Taking A Break

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Conservative Rabbi David Wolpe, in the current issue of The Jewish Week (link):

In his essay on the great Jewish scholar, the Vilna Gaon, Louis Ginzburg wrote that the Gaon “declared it to be a religious duty and inviolable obligation of every person to fix a certain time of the day for reflection and meditation.” Ginzburg, himself a great scholar, and the Gaon agree: both insist there comes a time to put the books away.

For our day, there comes a time as well to put away the iPod, the BlackBerry, the television and the computer. Every innovation tempts us — or better, robs us — of the space and silence needed for reflection. A person who cannot put his feet up on a desk and stare out a window, or warm her hands on a cup of tea while thoughts wander, is a slave. Not a slave in the classical sense, but a slave to distraction, to the flash and dazzle of the screen, to the glitter of life that erodes quiet contemplation. The Gaon reminds us that such contemplation is not merely a luxury, but a “religious duty.”

Click here to read morePirkei Avot records that “Moses received the Torah from Mount Sinai.” What did Sinai contribute? According to the commentator Abravanel, the experience of being on Sinai — the solitude and meditation — prepared Moses to receive the Torah. We all need such mountaintop moments each day. Stop, so you can receive.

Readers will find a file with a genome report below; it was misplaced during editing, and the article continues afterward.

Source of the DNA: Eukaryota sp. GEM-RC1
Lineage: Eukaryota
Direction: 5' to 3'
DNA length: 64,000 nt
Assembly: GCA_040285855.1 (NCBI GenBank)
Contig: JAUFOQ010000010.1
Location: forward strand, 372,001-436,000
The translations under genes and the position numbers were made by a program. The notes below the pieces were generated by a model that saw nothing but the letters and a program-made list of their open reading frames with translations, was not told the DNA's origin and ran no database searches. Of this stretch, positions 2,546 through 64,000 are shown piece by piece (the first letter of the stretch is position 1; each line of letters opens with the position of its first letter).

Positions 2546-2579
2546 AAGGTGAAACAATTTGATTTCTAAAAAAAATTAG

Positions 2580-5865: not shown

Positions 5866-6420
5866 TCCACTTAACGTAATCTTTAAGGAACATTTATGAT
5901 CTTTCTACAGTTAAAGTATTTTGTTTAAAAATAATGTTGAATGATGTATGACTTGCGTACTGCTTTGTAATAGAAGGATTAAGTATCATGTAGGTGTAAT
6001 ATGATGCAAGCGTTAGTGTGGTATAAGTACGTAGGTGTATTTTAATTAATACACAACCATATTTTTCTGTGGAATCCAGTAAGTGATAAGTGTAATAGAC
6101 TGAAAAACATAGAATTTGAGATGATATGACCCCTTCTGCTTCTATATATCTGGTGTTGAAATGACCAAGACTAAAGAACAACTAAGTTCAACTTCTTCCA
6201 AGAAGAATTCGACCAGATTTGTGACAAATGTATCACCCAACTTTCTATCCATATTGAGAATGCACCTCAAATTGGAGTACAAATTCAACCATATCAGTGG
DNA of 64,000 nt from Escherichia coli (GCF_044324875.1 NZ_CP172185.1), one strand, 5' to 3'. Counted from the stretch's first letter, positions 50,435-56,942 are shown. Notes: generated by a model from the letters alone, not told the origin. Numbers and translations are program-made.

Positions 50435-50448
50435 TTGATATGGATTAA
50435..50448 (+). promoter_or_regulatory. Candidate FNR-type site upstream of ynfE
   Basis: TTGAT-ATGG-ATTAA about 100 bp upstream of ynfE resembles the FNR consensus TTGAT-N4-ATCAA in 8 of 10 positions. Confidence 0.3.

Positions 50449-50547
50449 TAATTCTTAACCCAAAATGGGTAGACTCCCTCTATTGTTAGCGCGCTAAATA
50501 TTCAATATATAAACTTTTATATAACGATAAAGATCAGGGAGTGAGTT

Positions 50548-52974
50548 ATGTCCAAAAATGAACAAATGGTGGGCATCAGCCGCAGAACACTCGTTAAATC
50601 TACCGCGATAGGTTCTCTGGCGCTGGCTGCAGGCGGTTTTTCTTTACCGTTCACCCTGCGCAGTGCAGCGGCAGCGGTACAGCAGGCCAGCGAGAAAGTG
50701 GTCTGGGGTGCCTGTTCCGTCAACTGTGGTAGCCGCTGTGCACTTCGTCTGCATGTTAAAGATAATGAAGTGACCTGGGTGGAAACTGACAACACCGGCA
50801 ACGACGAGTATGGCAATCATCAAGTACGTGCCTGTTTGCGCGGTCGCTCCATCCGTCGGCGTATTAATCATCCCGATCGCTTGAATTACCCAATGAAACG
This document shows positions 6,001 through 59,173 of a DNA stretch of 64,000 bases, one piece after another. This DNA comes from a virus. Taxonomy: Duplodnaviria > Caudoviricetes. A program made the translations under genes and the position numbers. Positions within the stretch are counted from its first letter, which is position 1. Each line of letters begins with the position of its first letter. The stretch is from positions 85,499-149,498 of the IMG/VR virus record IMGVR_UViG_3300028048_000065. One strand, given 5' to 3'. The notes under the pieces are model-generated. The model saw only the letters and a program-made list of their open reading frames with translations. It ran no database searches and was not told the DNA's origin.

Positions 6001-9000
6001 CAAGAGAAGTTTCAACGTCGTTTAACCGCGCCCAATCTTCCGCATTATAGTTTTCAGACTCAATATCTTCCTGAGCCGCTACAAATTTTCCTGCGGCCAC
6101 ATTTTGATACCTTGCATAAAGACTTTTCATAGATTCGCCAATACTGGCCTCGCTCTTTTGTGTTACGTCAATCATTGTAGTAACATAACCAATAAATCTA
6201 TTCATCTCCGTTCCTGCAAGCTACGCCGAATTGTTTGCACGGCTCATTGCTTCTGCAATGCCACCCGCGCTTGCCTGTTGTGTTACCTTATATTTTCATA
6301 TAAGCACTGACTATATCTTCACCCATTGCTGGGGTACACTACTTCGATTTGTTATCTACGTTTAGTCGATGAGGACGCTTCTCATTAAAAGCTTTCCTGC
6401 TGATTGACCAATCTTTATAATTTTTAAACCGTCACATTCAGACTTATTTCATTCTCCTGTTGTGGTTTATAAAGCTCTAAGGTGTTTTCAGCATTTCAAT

This reminds me of the Rashi at the beginning of Vayikra (Lev. 1:1 – link):

What [purpose then] did the breaks [between God’s speaking] serve?To give Moshe a breathing space to reflect between each parashah and between each matter. How much more so for an ordinary person who learns from an[other] ordinary person!

About Gil Student

Rabbi Gil Student is the Publisher and Editor-in-Chief of TorahMusings.com, a leading website on Orthodox Jewish scholarly subjects, and the Book Editor of the Orthodox Union’s Jewish Action magazine. He writes a popular column on issues of Jewish law and thought featured in newspapers and magazines, including The Jewish Link, The Jewish Echo and The Vues. In the past, he has served as the President of the small Jewish publisher Yashar Books and as the Managing Editor of OU Press. Rabbi Student serves on the Executive Committee of the Rabbinical Council of America. He also serves on the Editorial Boards of Jewish Action magazine, the Journal of Halacha and Contemporary Society and the Achieve Journal of Behavioral Health, Religion & Community, as well as the Board of OU Press. He has published five English books, the most recent titled Search Engine volume 2: Finding Meaning in Jewish Texts -- Jewish Leadership, and served as the American editor for Morasha Kehillat Yaakov: Essays in Honour of Chief Rabbi Lord Jonathan Sacks.

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